‘Failure to thrive,’ it used to be called. Nowadays it’s ‘faltering weight.’ Both terms to strike fear into a mother; neither does justice to our daily battle to keep Benjamin’s weight within the realms of ‘normal,’ our weekly visit to the centile graph, the results of which are dutifully emailed to the dietician in case this is the week she decides so much slippage is too much.
From day one we knew it would be an uphill struggle. They predicted he wouldn’t breastfeed, but with his first tantalizing nibble in the delivery room, I knew he wanted to try. That first week was spent repeatedly weighing him to calculate exactly how many calories he needed to imbibe each day, then forcing that quantity of milk into him through every combination of breastfeeding, formula-feeding, expressed milk-feeding, syringe-feeding, finger-feeding. Every three hours we fended off the well-meaning paediatrician with her naso-gastric tube. Every three hours we re-calculated, expressed enough milk for the next session, and tried to snatch enough sleep to continue. Without the practical support of the nursery nurses and the encouragement of the midwives we would never have jumped that first hurdle.
After five days we were home, terrified, and clinging to that regime. It took weeks – and the support of the community midwives and breastfeeding counsellors – before I was able to believe that Benjamin really could feed ‘on demand.’ That he and I could work as a team; that we each knew when he was hungry and that his weight would continue to creep up.
The months passed. He got hungrier, cluster-feeding for a full six hours each evening, then waking during the night for more, and still the graph teetered around the danger-line. We added 200 mls of high-calorie formula each day, then 400 mls, then 600 if he would take it. We added purees, three times daily, then snacks on top of that. The graph inched up, tracking along the 0.4th centile (putting him in the lightest four out of every thousand boys of his age).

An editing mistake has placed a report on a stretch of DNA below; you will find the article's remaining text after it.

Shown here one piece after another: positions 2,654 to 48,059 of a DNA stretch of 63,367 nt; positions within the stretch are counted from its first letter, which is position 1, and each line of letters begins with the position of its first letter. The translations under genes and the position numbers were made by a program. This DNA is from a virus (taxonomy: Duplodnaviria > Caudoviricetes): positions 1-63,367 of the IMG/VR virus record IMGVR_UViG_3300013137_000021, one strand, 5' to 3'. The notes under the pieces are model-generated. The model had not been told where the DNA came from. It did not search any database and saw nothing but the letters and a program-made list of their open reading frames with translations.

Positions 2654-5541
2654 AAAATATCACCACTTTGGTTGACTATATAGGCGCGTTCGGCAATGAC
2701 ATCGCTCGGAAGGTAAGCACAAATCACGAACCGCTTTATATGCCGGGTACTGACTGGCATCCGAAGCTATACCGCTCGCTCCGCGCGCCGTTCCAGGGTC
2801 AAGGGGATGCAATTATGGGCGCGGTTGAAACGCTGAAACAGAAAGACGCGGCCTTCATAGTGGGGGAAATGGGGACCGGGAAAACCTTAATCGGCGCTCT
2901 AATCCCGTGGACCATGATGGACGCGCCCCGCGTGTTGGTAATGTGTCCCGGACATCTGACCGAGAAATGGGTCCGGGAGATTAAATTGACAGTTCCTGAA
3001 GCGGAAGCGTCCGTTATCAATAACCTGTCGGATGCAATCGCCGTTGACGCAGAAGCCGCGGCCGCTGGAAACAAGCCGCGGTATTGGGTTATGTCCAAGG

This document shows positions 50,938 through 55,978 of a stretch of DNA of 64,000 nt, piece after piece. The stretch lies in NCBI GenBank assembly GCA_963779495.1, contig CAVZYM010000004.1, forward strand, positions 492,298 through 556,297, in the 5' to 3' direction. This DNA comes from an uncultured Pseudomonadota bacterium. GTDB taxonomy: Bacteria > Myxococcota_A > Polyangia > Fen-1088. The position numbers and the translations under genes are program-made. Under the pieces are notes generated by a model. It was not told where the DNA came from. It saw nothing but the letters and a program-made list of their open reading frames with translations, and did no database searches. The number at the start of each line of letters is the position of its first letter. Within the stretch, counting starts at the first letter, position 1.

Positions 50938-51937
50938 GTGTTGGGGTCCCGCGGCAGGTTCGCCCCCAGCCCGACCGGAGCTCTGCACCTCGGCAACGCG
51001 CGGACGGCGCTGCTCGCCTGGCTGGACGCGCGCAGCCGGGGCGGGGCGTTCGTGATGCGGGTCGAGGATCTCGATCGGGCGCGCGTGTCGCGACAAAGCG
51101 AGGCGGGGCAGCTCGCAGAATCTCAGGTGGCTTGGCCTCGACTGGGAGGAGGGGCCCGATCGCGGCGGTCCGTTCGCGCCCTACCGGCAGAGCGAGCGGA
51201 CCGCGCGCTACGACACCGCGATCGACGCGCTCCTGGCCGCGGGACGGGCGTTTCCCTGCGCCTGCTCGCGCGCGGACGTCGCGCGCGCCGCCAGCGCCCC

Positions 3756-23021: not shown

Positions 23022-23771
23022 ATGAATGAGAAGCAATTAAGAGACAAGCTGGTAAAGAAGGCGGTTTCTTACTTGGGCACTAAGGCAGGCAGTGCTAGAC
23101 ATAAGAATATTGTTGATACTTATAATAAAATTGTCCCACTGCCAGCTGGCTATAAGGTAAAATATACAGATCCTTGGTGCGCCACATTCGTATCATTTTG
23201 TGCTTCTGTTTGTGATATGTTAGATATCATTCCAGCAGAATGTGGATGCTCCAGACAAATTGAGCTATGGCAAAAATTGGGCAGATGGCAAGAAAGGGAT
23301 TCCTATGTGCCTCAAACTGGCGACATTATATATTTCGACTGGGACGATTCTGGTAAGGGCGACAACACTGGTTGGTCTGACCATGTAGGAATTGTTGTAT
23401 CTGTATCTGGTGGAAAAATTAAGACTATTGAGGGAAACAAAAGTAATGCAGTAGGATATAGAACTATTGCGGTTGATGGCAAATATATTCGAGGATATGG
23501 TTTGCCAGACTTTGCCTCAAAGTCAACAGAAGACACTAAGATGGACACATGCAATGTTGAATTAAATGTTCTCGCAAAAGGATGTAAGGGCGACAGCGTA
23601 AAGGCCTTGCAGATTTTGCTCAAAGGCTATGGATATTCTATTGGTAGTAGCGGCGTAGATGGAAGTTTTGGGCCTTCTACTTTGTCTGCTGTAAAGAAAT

At a recent ‘Multidisciplinary Meeting’ with the community paediatrician, she looked at the neat line of weekly dots tracking the 0.4th centile and was satisfied. What she doesn’t see is the sheer effort that Benjamin, I, the whole family, put in, day after day, to keeping that line from faltering. The breast-feeding, the bottle-feeding, the oh-so-slow puree-feeding. The pureeing, the cleaning bottles, the cleaning up milk that doesn’t stay down. Some days he is so hungry I can’t produce enough breast milk. Most days I am constantly offering it when he is not interested. Every evening one of us is glued to the sofa as Benjamin glugs through his bottles. We have a freezer full of breast milk, expressed both to keep up my supply for the hungry days, and as insurance against any future hospital stay.
So we talked again, as we have at every meeting since before he was born, about tube-feeding. An NG tube through his nose or PEG into his stomach. The paediatrician seemed to imply it is as much a lifestyle choice as a medical one: if feeding him becomes too much, this is our get-out. But what mother is ever going to say to the doctors, “I’m sorry, feeding my baby is too much effort”?
Now, his graph is dropping again, away from that 0.4th centile line, the lowest on the paper. He’s lost 300g in a month – the equivalent of nine Cadbury’s Creme Eggs. Every day I wait for the dietician to call and say, “This can’t go on.” Every day I present him with my breasts, my purees, and those stinking bottles of formula. Often, more dribble comes out than food goes in.
As a recovered anorexic I have been so aware, so careful with Jackie, never to treat food as a punishment or reward; never to say, “you can’t have pudding until you’ve cleared your plate,” in the hope that she’ll retain those inbuilt cues to her hunger and satiety that I have mistreated until they are gone. Even with Benjamin, so far, I may present him with food but if he’s not hungry, there’s nothing you can do to make him eat and I am proud of him for that. The thought of putting a tube in and just pumping him full of tasteless fluids sickens me.
And he takes pleasure in his food. Real, sensory pleasure. He opens his mouth for foods he likes and clamps it shut for those he doesn’t. He clearly distinguishes different flavours and textures. I would hate to deprive him of this by bypassing his mouth altogether.
This isn’t something we have to decide straight away, but it’s something we do have to start thinking about, considering risks versus benefits, understanding what each option entails. I hope, at least, to delay the decision until he is big enough for a PEG, to spare him the discomfort and indignity of an NG tube. It’s not an all-or-nothing solution: potentially we could use a tube just for top-ups on the days he’s struggling to eat enough orally. And, as usual, just when we think we can’t go on, Benjamin pulls something out of the bag. This week he gained back 100g in weight, so maybe we can put it off for a little while longer. We will keep battling on.